RIM BlackBerry Tablet to Run QNX, Not BlackBerry 6: Report

 
 
By Michelle Maisto  |  Posted 2010-08-20 Email Print this article Print
 
 
 
 
 
 
 

RIM's BlackPad tablet won't run its new BlackBerry 6 OS but instead software from QNX, which it acquired in April, Bloomberg has reported. A formal introduction is expected in November.

New details have emerged regarding Research In Motion's planned BlackBerry tablet device.  

With the BlackPad-the expected name of the device, after RIM acquired the rights to blackpad.com in July-it appears RIM is planning to avoid some of the missteps it took with the BlackBerry Torch 9800. While the Torch is widely considered the best BlackBerry handset to date, reviewers-and teardown experts-have found it to borrow from, or be on par with, existing devices, and so not terribly cutting edge. With the BlackPad, consumers and enterprises may encounter a little more wow.  

Instead of RIM's new BlackBerry 6, the tablet is expected to run software developed by QNX, Bloomberg reported Aug. 19. The news outlet, citing a person familiar with RIM's plans, said the decision to use QNX software instead of BlackBerry 6 may stem from QNX being "simpler and faster," as BlackBerry 6 "includes legacy software code from older BlackBerry phones."  

In April, RIM announced its plans to purchase QNX from Harman International for $200 million. QNX-based in-vehicle solutions are currently in more than 200 vehicle models, from BMWs and Land Rovers to Toyotas and Fords. Announcing RIM's acquisition plans, RIM co-CEO Mike Lazaridis said at the time, "We believe the planned acquisition of QNX will also bring other value to RIM in terms of supporting certain unannounced product plans for intelligent peripherals, adding valuable intellectual property to RIM's portfolio and providing long-term synergies for the companies based on the significant and complementary OS expertise that exists within the RIM and QNX teams today."  

(It's not far-out to think RIM may still explore the in-vehicle market. Handset competitor Nokia has also dipped a toe in these waters, in May proposing, with five automotive manufacturers, a specification that it hopes will be the industry standard for integrating mobile applications inside vehicles.)  

Again citing people familiar with RIM's plans, Bloomberg additionally reported that the RIM tablet will not connect directly to a cellular network-by contrast, Apple offers WiFi-only iPad models, as well as models with both WiFi and 3G connectivity over the AT&T network. The RIM tablet will also reportedly be roughly the same dimensions as the iPad and be finally introduced this November.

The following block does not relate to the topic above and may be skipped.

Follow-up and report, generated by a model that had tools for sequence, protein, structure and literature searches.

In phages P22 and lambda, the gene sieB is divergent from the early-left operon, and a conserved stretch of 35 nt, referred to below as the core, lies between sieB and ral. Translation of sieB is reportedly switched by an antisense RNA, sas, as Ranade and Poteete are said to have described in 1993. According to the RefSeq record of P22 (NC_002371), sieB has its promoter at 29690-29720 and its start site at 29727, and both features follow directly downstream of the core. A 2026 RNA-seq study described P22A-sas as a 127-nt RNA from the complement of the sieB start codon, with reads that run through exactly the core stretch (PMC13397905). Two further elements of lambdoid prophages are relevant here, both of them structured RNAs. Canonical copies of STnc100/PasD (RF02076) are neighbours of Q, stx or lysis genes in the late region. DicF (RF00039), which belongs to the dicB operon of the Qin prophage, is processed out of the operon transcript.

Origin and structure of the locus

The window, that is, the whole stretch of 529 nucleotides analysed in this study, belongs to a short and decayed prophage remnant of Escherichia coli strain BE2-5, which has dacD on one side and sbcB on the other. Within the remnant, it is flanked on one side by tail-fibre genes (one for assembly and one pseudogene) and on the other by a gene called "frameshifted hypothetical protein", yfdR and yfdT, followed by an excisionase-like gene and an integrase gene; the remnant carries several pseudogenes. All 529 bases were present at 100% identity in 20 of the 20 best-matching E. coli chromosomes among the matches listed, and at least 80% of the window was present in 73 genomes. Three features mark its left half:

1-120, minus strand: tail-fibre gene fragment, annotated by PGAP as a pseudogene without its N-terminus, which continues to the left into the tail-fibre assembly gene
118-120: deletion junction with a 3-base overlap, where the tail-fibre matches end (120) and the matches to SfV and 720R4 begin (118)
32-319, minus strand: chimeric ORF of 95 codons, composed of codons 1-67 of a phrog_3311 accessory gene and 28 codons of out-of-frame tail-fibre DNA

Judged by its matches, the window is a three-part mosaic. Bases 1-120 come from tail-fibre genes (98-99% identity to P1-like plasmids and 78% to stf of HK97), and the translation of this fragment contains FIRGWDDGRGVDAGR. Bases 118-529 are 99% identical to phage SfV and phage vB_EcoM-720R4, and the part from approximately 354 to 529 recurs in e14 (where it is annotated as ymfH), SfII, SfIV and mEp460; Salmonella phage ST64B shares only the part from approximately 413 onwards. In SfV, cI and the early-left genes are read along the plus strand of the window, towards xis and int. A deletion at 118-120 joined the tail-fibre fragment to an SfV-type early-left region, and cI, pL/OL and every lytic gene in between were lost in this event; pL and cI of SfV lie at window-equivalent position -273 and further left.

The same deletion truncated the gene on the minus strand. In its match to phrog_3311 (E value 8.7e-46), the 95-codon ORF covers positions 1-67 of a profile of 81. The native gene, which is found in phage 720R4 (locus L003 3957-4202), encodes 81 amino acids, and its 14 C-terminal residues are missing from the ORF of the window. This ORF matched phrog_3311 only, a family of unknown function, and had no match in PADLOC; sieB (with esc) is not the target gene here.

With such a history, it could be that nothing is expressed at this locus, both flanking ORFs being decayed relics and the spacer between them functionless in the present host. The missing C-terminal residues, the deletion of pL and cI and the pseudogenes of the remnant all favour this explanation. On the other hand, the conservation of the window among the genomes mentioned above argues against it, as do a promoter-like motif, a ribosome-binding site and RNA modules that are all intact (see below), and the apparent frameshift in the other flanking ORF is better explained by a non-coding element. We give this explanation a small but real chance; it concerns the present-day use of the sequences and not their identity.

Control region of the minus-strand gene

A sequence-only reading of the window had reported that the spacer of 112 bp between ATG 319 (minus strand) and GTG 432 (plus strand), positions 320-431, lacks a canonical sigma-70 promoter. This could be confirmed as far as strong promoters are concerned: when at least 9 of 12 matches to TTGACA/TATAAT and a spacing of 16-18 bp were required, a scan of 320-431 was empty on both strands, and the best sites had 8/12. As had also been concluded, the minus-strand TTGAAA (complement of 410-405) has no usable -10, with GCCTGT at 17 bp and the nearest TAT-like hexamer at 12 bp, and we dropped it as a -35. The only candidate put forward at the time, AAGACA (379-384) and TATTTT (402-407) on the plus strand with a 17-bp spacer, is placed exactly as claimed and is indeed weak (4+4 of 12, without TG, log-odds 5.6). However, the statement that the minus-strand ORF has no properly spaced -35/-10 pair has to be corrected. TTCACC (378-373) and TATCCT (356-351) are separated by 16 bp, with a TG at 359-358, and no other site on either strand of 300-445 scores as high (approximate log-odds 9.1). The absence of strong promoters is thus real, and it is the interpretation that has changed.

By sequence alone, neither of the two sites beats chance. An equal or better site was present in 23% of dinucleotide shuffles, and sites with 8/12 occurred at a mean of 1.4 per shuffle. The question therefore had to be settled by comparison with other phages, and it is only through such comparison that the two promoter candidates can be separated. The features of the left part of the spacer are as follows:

More, "the BlackPad is designed to capitalize on RIM's strengths with corporate customers, particularly with email service," Bloomberg reported. "The tablet will be closely integrated with BlackBerry's email system and will have similar security for messaging."  

Analysts expect a number of device competitors to deliver tablet devices to market in time for holiday sales. Hewlett-Packard is at work on not one but two tablets-one running WebOS and another that's Microsoft-based. Google and Verizon have also said they're at work on an Android-based tablet, and Lenovo, Samsung and Motorola are likewise expected to bring tablets to market soon.  

Analysis firm IDC has forecast tablet shipments to reach 7.6 million units by year's end, before rising to 46 million by 2014.

 
 
 
 
Michelle Maisto has been covering the enterprise mobility space for a decade, beginning with Knowledge Management, Field Force Automation and eCRM, and most recently as the editor-in-chief of Mobile Enterprise magazine. She earned an MFA in nonfiction writing from Columbia University, and in her spare time obsesses about food. Her first book, The Gastronomy of Marriage, if forthcoming from Random House in September 2009.
 
 
 
 
 
 
 

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